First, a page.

Sarah: For most of my clients, we use feed based advertising, I mean for Google shopping this year it was probably the highest grossing year for Googling shopping as far as feed based advertising. Again don’t quote me but I’m pretty sure …

 

Katy: Oh yes the impressions available are so much greater year over year. There’s no way it cannot be. It’s not a possibility.

 

Sarah: Right, so we saw a lot of our clients investing very heavily in Google shopping this year as well as Bing shopping. Another things that we saw quite a bit was that, not only having ads on Google shopping and Bing shopping but also expanding to Facebook, dynamic product ads. Which has definitely helped a lot of out Ecommerce clients scale again and also have those compelling ad units all across the board. Across different channels.

 

Katy: Yeah, as Google dropped earlier this year. Gosh it was in February, March, the right rail ads? It became a panic for folks as they lost what we would consider conversion and lower positions on the serp. Especially for Ecommerce, that was very difficult. It was this kind of, what are we going to do? How are we going to make this up? And that’s when I talked about the dollar and where would you spend your dollar. That’s one of the reasons why we’re pushing feeds and why we’re allocating spending there, is because it is this answer for retailers that are looking for those lost, right rail impressions.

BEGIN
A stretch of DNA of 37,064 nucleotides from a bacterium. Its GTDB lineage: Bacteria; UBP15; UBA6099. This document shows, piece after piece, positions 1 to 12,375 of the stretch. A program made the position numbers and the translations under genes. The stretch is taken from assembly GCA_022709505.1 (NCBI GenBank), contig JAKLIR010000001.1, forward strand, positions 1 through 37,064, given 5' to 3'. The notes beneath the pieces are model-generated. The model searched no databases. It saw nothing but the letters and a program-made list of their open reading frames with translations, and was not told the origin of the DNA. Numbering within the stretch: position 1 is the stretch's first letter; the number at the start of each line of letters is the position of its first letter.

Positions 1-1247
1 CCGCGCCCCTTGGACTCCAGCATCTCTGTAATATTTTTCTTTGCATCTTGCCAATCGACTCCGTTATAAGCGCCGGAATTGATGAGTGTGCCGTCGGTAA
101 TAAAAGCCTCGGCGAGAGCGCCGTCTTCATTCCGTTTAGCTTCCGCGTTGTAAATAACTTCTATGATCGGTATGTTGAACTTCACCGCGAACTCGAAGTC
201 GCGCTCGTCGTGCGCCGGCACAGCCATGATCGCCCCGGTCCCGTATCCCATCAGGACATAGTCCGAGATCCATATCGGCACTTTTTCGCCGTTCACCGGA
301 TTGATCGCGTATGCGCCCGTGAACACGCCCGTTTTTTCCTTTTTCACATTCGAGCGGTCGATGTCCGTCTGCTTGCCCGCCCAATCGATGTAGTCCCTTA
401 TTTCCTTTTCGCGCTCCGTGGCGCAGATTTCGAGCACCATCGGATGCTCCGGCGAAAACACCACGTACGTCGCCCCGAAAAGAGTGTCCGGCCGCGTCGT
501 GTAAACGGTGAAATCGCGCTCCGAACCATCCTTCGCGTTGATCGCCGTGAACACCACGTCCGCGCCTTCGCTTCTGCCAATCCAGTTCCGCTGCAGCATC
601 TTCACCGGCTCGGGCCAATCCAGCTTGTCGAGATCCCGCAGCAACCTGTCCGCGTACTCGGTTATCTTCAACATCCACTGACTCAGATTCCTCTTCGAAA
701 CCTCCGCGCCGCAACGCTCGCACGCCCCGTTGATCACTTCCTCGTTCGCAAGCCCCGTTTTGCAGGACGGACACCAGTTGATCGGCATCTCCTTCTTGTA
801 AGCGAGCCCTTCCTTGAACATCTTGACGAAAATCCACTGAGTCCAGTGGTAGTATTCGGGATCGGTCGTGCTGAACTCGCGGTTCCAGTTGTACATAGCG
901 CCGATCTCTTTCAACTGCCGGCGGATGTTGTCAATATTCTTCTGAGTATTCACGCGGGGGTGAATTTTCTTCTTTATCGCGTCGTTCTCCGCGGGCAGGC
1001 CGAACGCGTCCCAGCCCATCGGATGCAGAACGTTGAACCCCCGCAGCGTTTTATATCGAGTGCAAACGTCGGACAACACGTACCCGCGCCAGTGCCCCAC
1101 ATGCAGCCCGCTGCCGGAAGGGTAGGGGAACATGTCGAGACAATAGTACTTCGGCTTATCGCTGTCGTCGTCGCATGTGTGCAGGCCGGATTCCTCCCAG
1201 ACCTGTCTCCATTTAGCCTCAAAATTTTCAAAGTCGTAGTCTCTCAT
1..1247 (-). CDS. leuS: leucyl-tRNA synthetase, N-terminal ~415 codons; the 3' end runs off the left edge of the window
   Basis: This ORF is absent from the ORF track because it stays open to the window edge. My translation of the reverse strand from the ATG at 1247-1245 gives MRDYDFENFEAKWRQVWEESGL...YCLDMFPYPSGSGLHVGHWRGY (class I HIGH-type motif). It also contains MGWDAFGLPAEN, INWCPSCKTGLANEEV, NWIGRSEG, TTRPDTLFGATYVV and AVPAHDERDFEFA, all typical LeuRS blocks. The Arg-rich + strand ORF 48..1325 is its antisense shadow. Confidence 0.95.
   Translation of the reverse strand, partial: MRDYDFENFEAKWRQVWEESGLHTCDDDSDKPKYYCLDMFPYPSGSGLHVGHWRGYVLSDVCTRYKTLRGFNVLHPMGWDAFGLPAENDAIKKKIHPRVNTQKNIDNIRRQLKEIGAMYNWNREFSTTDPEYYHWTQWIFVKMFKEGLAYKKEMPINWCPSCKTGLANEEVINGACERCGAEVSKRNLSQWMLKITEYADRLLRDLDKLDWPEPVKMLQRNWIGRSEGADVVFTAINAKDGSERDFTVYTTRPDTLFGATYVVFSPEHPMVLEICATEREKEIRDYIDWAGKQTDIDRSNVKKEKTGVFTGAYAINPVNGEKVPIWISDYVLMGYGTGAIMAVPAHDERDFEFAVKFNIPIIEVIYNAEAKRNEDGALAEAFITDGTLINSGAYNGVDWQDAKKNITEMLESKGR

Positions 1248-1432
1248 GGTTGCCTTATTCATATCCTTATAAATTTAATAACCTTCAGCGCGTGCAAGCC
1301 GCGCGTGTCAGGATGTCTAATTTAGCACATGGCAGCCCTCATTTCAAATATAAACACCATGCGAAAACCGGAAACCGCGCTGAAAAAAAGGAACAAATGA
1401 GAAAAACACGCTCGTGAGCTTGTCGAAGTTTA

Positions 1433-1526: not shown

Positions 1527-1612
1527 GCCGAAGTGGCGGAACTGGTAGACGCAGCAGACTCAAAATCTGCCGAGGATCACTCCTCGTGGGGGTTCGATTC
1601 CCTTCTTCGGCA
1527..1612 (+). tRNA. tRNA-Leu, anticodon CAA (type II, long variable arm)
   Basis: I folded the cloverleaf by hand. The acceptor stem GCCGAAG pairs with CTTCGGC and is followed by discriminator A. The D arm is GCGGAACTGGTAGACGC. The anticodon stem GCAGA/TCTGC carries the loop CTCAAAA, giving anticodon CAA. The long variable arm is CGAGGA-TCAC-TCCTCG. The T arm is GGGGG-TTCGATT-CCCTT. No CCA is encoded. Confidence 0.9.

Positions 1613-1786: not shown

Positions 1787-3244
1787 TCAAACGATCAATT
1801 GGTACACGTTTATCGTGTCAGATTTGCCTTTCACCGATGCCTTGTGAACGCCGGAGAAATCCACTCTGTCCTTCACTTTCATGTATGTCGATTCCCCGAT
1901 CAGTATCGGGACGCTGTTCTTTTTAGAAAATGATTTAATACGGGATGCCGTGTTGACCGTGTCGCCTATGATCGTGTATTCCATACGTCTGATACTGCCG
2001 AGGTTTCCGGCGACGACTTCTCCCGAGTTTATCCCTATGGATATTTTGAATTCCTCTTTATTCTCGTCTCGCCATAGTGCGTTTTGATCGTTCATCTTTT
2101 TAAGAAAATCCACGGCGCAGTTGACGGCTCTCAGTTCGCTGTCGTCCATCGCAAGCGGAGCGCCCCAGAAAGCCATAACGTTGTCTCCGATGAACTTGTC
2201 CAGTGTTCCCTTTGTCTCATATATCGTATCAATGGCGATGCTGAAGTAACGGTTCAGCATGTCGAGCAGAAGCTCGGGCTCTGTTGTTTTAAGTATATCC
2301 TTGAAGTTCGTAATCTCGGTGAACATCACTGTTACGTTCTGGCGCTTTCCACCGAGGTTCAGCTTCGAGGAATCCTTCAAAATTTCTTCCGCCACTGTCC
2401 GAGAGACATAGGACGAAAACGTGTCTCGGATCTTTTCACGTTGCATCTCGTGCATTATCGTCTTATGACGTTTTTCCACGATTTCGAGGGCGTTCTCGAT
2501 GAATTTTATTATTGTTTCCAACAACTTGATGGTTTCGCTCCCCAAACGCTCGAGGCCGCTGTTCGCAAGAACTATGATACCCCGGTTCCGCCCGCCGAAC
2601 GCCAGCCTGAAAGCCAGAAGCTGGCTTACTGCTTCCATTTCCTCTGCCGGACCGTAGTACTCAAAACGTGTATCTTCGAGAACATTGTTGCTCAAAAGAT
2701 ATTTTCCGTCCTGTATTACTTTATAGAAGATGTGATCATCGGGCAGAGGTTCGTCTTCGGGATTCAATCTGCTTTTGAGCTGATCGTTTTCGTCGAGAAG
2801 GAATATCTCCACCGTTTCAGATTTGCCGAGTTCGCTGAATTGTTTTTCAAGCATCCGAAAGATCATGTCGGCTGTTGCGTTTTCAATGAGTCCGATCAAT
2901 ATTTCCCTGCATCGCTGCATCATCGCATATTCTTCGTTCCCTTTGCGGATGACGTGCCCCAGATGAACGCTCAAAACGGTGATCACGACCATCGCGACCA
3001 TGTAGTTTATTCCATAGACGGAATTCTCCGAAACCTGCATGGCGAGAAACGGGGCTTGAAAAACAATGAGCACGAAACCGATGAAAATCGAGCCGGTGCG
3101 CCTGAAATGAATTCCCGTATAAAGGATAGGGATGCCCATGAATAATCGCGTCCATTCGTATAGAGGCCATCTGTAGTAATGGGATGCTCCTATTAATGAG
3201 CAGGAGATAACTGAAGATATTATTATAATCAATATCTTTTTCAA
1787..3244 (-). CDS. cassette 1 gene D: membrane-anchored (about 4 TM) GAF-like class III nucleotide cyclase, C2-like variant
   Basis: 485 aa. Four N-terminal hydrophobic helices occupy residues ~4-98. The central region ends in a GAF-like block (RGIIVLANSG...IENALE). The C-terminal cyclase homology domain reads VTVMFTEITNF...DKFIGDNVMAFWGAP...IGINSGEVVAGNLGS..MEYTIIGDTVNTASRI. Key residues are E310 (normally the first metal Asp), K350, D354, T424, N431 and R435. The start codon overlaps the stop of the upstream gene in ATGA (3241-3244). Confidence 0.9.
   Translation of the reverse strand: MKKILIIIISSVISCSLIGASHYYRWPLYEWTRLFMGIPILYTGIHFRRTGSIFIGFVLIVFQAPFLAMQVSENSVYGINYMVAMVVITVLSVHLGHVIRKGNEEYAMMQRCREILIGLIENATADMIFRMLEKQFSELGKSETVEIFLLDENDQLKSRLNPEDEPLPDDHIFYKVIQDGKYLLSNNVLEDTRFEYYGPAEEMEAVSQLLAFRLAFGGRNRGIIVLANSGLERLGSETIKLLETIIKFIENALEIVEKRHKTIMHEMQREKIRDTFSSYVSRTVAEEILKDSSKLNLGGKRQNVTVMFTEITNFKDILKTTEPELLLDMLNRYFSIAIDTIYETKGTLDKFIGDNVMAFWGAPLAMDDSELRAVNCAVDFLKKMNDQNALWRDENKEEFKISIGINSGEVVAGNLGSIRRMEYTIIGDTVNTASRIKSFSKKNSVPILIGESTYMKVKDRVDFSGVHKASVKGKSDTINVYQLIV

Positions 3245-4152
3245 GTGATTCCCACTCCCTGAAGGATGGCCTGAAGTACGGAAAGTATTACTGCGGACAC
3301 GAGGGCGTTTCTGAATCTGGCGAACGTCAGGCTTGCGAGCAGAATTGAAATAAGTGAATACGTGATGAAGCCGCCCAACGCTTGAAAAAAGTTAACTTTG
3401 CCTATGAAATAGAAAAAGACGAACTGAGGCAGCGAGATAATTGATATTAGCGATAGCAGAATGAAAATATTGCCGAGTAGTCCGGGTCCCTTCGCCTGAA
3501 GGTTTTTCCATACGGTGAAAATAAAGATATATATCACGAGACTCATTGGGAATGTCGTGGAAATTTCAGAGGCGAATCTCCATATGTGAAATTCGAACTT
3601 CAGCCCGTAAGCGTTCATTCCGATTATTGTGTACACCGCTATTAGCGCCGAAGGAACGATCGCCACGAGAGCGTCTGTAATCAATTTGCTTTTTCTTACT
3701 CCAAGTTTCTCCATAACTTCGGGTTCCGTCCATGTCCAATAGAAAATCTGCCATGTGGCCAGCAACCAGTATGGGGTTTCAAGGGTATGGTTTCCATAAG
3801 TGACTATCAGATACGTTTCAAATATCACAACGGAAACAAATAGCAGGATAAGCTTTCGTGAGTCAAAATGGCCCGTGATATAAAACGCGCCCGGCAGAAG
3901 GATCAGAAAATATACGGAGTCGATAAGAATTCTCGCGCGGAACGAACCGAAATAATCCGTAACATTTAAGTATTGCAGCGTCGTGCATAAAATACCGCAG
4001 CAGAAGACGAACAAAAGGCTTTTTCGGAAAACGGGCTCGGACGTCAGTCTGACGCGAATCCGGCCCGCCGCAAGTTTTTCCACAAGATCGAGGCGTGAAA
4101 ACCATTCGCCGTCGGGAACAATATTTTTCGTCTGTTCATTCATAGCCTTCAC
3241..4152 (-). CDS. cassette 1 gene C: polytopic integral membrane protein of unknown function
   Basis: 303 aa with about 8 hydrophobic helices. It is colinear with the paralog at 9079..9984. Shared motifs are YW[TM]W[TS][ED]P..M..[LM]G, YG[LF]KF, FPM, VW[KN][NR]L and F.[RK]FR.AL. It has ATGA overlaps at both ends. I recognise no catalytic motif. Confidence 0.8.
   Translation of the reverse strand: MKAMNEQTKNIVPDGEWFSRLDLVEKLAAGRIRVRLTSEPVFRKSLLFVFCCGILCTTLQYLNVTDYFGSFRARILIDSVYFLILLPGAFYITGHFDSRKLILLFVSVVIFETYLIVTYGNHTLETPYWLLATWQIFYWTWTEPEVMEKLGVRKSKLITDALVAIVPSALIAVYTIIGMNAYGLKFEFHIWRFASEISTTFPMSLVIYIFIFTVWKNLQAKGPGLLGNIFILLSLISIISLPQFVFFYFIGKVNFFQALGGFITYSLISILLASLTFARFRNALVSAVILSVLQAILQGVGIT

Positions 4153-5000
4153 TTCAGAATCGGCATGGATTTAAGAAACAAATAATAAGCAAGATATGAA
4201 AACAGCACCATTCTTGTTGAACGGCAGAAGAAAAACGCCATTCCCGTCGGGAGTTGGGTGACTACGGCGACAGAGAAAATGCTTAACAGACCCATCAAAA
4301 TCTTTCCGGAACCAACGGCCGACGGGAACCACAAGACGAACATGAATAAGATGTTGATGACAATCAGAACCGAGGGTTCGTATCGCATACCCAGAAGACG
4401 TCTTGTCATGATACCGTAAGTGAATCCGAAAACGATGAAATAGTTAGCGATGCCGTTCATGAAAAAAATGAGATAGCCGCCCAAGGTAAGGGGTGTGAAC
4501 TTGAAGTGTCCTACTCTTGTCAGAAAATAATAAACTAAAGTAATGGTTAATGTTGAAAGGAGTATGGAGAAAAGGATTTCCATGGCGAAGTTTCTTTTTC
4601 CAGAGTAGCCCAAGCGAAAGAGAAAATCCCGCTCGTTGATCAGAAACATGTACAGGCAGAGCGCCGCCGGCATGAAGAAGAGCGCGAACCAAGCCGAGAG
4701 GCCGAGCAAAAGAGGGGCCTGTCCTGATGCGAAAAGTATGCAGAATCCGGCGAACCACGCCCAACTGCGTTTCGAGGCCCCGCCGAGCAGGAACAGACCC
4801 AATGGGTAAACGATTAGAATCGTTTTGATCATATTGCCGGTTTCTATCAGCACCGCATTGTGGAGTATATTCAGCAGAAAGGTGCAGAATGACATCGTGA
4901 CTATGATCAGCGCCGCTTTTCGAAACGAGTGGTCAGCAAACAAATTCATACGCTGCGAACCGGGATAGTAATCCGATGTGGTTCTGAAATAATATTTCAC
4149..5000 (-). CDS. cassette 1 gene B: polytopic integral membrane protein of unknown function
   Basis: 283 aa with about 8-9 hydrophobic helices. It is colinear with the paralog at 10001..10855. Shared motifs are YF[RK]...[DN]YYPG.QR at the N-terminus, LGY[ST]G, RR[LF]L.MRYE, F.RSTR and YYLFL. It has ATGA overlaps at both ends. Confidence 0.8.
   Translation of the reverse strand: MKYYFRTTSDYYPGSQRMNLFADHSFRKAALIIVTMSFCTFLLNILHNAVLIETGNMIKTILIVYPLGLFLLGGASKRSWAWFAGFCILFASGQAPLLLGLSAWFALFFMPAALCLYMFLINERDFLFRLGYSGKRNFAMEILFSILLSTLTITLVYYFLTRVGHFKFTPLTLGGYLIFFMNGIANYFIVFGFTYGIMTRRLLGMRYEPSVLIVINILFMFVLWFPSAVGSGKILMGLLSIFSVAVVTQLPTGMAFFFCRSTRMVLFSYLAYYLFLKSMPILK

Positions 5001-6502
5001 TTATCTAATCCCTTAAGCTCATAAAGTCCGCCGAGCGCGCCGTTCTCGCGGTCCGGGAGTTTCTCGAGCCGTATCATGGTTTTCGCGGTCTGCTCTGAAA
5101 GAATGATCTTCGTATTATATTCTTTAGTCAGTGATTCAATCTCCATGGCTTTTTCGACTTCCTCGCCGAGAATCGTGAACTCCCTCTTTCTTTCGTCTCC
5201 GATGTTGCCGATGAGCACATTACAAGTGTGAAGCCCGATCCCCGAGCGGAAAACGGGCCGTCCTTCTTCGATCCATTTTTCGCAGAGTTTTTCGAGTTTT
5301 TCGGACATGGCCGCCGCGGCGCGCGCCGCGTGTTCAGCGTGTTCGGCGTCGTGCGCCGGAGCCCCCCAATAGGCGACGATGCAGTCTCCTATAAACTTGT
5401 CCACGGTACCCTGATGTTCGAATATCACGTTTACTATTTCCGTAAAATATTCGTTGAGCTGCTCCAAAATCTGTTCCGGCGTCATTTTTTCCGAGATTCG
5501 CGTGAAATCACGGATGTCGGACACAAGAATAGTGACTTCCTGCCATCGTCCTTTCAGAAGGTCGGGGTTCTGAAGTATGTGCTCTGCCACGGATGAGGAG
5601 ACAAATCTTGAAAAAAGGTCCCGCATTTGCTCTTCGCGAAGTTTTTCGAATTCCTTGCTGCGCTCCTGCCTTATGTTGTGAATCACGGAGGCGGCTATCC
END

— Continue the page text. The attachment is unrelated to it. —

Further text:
Maureen: That makes sense. Makes a ton of sense.

 

Let’s get wrapped up, this has been great and I think it’s incredibly informative I love learning about feeds, I know that sounds silly but It really helps me draw a bunch of the crazy marketing balloons together you know. As a generalist, this is just not a space I’ve had as much exposure to. SO it’s been really interesting to get an inside to that retial world and the importance of that. The Volume that they have to deal with and how to streamline it. So anyways thanks so much guys, that was great.

 

Your marketing department is definitely excited about sharing this with the industry. So we’ve actually just launched our service page. So if you’re interested in reading more about shopping feeds, visit the website at Pointit.com and find shopping feeds under the services menu.

 

And thank you guys for joining us, my name is Maureen Jann for … I work for Point It digital marketing, and this is fine point, a weekly Digest of digital marketing updates. Make sure to follow us on Twitter to be notified of the when latest podcast is up and download our latest podcast from the website. OR whichever popular app you like to grab podcasts from.

 

We’re here in the Point It studios A.K.A. the conference room and next week we hope to be talking about what’s coming up in the new year. I’m trying to convince the President to come be on … Frank Coil to come visit with us and chat with us. SO it will be fun, we’re looking forward to having him with us. Time to say goodbye so for now stay on point.

 

 

Additional Resources